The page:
Fulbright differs from many other grants because you’re allowed 1 page for a personal narrative and 2 pages—not 10—for your statement of grant purpose. At the heart, Fulbright is a cultural exchange grant, so keep that in mind as you frame your project. Thanks to Maria Esther (@lorientinuviel) for reaching out and inspiring me to think about this list. This post is specifically geared to those applying for the research grants. Here are my quick tips:
Statement of Grant Purpose (SGP):
- Explain the project in layman’s terms, connect to current events if country if relevant. Do this first thing, first paragraph. It should be the first thing the evaluator reads.
- Where are you researching and why? Why those cities, why those archives?
- How does your project connect to the existing literature/field/etc? Explain briefly and make sure to link back to your overarching research goals.
- I did not name drop major names or spend an extensive amount of time discussing the literature. Instead, I used the state of field as a way of discussing the nuance of my project and showing my knowledge of the subject.
- Set up any connections to country you might have through previous research (have you done any pre-diss research on location that will aid with this project? If so, discuss it.).
- Make sure you discuss your affiliation in the country. This is extremely important; you will not be successful without a (preferably strong) affiliation
- Again, Fulbright is a cultural grant. Discuss how you will (might?) use your time in country to build deeper connections to the people there. This can include volunteering, presenting papers at conferences in-country or in the region (for example, at the regional Fulbright meeting), working as an affiliated researcher on a topic relevant to your own, etc. Make sure you connect those back to the purpose of your overall grant.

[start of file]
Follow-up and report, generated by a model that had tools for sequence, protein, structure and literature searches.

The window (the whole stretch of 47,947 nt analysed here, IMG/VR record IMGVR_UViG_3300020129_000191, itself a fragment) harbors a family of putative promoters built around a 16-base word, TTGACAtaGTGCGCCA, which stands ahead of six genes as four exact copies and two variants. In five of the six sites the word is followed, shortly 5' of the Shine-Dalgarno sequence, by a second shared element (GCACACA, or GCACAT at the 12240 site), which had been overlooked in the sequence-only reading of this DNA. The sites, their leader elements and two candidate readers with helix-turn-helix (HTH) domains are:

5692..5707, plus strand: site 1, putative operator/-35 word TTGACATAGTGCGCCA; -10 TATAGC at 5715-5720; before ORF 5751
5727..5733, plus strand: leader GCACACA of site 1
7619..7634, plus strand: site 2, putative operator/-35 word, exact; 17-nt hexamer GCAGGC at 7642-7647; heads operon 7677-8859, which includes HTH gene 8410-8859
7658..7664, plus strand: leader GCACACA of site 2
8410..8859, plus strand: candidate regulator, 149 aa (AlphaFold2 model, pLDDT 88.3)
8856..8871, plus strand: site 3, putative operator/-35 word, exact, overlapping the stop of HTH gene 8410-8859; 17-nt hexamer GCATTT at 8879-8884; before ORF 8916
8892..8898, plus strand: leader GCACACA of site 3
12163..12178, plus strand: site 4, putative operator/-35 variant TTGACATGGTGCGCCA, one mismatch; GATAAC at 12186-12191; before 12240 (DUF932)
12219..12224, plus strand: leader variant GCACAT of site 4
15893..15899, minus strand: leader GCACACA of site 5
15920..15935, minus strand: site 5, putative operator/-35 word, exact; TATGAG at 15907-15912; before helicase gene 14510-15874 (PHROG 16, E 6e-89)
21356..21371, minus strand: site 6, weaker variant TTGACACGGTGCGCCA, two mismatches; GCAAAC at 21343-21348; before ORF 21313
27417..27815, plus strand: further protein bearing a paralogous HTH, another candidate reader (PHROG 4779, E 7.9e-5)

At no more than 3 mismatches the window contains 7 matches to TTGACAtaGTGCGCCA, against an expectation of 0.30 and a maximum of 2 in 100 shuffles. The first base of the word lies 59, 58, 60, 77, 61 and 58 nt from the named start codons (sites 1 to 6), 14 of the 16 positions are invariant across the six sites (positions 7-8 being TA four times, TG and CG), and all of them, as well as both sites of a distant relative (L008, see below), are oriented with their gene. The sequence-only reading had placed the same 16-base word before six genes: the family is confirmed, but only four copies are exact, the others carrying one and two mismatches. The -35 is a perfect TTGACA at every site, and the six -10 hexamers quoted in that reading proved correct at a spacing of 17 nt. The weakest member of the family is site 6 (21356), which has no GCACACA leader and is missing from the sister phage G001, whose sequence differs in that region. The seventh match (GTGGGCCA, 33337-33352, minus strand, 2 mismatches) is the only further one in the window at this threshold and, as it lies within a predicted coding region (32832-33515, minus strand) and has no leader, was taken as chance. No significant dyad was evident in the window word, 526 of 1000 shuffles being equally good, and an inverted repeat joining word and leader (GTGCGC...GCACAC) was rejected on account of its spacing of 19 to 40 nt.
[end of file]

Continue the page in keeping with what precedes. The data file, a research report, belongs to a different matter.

Personal Narrative (PN):
- This is a space for you to introduce yourself to the particular country’s Fulbright commission or committee. Take advantage of this space!
- Think of it this way: your story + your project = narrative
- Why are you interested in the country?
- Have personal connections to the country? Situate it & connect to your project if you can.
- For example, in my personal narrative, I discussed my experiences navigating higher education as a first-generation student and how this coupled with my undergraduate classes, led to an interest in university student mobilization in Chile.
- If you have space: any plans post-grant tenure related to grant? How grant might affect these plans?
- Use clear, concise language
- Be yourself! Let your personality shine.
- There was a colloquial turn of phrase I used in my PN. Some of the reviewers (pre-submission) loved it, some didn’t. Ultimately, it was my call to include it, and I did because I thought it made my PN a little more “real”.
- Play up your connections to the country or interests in the country.
- For both documents, I used TNR 12 pt font and 1″ margins
- I did not include a bibliography as that must fit within the page limit parameters.
- Use your community!
- If your school has a fellowship/grant office, use them! Do your research to understand the awards which each office administers.
- UofA people: Office of Nationally Competitive Scholarships is responsible for Fulbright Student Awards at UA, Office of Fellowships & Community Engagement is responsible for Fulbright-Hays DDRA
- Join or start a grant-writing group with other graduate students.
- Ask your advisor(s)/committee/close mentors read your application.
If you have any questions about applying for Fulbright not addressed in this post, please reach out. I’m available and happy to discuss. Happy writing!